My exploration into other faiths, especially Native American spirituality, shows that many cultures and religions use a similar creation story. The two creation stories in the Bible are close enough to each other and to these other stories that I must ask a question concerning how such different and vastly separate communities of people could come up with such similar stories. Does faith in the Divine, regardless of language or location produce a common imagination?
I also struggle with the story of the crucifixion because of the classic atonement theories depicting God as the abusive father who takes his wrath out on one child to save the others. This scenario is acted out regularly throughout the world, in the form of domestic violence. While substitutional atonement is only one of several atonement theories; the violence that it condones is rooted in to the religious imagination. Once in our imaginations we consciously and unconsciously enact our beliefs through all manners of ritual such as walking the 12 Stations of the Cross, reciting the Passion or how you act towards your family at home.
Even during my darkest moments, I have always felt God’s presence. I am privileged. I have not suffered in a way that would make me question the presence of God. I have never gone without food, shelter, or love. My personhood has only been threatened in theory. I wonder if people that I know who have been tortured wonder if they have been forsaken.
I also question the attention of God, the Risen Christ, to the homeless, the refugee, the disaster victim, the abusive father, and the soldiers. Does God “delight” in us enough to bring us down from our crosses or does God expect us to bear our burdens until we yield our spirits? This theology works in some situations but does not work in others. The theology that God leaves us on our crosses until we submit our spirits applies more to people in positions of privilege than those who are oppressed. While there are challenges and hardships that we all must face in order to grow and become strong should those challenges and hardships be forced on people with little means of working through them?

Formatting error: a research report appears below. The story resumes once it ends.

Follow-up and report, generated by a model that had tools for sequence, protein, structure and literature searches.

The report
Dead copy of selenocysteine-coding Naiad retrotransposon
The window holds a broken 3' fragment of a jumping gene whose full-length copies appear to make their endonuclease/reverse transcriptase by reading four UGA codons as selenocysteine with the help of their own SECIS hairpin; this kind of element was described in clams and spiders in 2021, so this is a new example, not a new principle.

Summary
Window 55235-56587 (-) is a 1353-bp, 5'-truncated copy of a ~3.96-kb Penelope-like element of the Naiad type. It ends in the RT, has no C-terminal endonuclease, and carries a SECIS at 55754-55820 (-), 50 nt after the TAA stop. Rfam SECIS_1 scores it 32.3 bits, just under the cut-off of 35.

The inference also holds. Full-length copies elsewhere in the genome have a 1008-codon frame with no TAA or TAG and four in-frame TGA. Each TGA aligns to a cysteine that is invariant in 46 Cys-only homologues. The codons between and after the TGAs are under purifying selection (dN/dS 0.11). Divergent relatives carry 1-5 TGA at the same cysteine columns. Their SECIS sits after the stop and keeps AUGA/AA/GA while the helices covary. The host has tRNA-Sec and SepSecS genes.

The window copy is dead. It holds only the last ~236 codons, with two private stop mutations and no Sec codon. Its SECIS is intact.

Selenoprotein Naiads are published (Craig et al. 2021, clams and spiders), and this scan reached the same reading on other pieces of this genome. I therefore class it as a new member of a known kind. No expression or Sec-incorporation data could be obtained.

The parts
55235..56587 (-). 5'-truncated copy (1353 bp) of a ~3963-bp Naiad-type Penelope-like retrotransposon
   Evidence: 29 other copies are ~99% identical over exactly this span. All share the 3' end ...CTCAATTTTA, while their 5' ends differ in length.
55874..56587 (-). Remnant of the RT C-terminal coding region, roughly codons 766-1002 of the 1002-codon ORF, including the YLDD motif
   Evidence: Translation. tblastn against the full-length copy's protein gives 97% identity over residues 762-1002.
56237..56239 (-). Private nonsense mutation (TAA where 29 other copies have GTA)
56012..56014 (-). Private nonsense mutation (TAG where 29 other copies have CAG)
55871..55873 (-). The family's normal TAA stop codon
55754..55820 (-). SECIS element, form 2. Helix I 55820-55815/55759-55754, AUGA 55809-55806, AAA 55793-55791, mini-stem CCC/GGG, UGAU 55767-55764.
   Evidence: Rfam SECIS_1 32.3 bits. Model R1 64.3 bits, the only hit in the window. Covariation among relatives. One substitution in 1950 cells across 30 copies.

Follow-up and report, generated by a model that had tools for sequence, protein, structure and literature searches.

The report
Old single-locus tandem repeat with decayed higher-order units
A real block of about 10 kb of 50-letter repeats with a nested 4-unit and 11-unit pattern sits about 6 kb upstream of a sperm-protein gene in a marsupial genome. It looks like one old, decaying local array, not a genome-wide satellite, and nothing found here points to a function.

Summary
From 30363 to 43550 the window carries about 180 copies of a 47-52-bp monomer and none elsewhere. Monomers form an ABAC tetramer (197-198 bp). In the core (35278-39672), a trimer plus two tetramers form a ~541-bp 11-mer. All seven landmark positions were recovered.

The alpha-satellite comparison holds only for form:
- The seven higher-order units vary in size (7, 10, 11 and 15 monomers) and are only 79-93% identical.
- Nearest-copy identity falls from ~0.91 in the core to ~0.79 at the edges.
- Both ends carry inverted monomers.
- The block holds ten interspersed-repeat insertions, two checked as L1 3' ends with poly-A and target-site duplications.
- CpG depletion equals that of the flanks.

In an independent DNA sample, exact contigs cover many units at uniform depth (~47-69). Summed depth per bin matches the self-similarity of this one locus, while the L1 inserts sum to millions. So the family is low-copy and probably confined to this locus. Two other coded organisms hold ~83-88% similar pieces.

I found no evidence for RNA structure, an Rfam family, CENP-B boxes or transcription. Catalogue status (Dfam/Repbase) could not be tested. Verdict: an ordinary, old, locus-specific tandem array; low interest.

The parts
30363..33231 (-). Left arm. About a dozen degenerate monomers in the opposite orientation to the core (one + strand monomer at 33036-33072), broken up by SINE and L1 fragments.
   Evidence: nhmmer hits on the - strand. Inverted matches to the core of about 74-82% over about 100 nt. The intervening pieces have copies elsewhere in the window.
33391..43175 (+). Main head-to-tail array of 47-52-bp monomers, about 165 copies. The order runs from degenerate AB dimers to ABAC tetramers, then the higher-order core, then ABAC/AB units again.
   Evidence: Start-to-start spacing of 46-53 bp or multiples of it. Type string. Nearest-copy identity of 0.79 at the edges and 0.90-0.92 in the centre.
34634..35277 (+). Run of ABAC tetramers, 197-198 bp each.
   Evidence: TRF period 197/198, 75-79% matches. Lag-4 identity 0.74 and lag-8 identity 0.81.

The yielding of one’s spirit over to God and the immediacy of compassion expressed in the stories of Jesus in the Bible demonstrate that humans are inherently good and tend towards acting for life rather than against it. There is a deep faithfulness in these actions that contrasts the doubt of Jesus’ cry at the end of his life: “My God, My God, why have you forsaken me?” Perhaps it is in the fullness of humanity that we doubt and hope, despair and rejoice, mock and express concern.
While I feel empowered by the stories of Jesus in the Bible and my own experiences with the risen Christ to be more fully who God has called me to be, perhaps that fullness includes my experiences of doubt and despair as it does my hope and joy. Do I seek to follow Jesus, as the query asks? Yes, I seek to follow the road that his witness has set in front of me, hand and hand, body in body with the his risen living Spirit, doing the work that God has for me.